Senators Urge Agriculture Secretary To Help Western States In ’22-Year Mega-Drought’

Published online: Dec 07, 2022 Articles Alexander Bolton, The Hill
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Sen. Michael Bennet (D-Colo.) is leading a letter signed by 14 other senators urging Agriculture Secretary Tom Vilsack to help Western states survive what they are calling a “22-year mega-drought” that is threatening farms and ranches across the West.  

“The American West is in crisis. Across the major basins of the American West … farm and ranch families hang in the balance as they grapple with a 22-year mega-drought,” they warned. “The acute shortage of water for Western growers threatens productive farmland across our states, which are both a pillar of our rural economies and drivers of America’s food production.”

The letter is the latest sign of growing economic pressure posed by the changing climate and the competition for federal money to help communities across the country cope with severe weather.

A study by UCLA published in the journal Nature Climate Change earlier this year reported the American West is suffering its most severe drought in 1,200 years.

Two major reservoirs, Lake Mead and Lake Powell, are at their lowest levels on record.  

The senators want the Department of Agriculture to use its authority to help Western farmers and ranchers conserve water, improve their water infrastructure and protect lands plagued by drought.

They say improved water conservation, cover crops that slow erosion and improve soil health, will help farmland store more carbon from the atmosphere, which could help mitigate climate change.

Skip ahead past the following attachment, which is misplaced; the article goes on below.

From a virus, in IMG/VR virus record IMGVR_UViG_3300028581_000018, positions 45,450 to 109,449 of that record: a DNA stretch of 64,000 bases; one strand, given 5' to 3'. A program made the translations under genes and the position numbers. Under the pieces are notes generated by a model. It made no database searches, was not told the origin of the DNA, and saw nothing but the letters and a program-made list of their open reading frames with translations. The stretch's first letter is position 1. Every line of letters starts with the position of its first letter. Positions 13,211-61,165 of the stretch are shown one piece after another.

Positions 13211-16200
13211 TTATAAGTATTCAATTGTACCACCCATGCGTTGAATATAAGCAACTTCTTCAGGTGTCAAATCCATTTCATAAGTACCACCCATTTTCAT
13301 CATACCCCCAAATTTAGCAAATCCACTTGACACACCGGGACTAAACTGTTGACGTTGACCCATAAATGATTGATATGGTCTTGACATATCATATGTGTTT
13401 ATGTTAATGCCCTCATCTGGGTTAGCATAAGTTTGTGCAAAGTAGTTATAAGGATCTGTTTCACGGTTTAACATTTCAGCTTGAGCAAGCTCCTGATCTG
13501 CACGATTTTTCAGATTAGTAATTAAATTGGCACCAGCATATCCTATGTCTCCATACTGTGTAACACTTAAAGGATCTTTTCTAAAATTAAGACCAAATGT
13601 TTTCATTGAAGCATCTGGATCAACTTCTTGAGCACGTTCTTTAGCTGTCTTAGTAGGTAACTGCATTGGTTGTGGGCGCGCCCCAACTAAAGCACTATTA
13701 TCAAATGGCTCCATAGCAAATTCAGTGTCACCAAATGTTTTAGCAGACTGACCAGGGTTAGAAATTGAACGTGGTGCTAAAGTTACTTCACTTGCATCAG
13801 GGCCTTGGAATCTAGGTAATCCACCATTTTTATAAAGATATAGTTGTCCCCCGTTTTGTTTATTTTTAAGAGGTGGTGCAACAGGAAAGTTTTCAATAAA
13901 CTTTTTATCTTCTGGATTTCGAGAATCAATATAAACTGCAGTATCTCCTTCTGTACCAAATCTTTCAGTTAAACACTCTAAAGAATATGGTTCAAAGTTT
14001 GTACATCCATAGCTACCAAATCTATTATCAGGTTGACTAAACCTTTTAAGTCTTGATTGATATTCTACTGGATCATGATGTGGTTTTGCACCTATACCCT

The letter’s signatories include Sens. Mitt Romney (R-Utah), Kyrsten Sinema (D-Ariz.), Martin Heinrich (D-N.M.), Mike Lee (R-Utah), John Hickenlooper (D-Colo.), Mark Kelly (D-Ariz.), Ben Ray Luján (D-N.M.), Dianne Feinstein (D-Calif.), Ron Wyden (D-Ore.), Jeff Merkley (D-Ore.), Jacky Rosen (D-Nev.), Catherine Cortez Masto (D-Nev.), Alex Padilla (D-Calif.) and Patty Murray (D-Wash).  

The senators argue that many existing Department of Agriculture programs “do not translate well to the needs of Western agriculture” and want the department to promote projects to help basins such as Colorado River Basin, the Rio Grande Basin, the Sacramento-San Joaquin River Basin and the Columbia River Basin.  

“As you know, American farmers and ranchers manage over 895 million acres of ground in the United States, giving them a vital role in combating climate change risks while continuing to feed America,” the senators wrote.  

They said the $20 billion Congress recently provided for agriculture conservation programs should be allocated “equally across the country to reflect the contribution of every region, including the West.”  

They urged Vilsack to address the understaffing of Agriculture Department field offices and to prioritize hiring more staff with expertise in West agricultural production.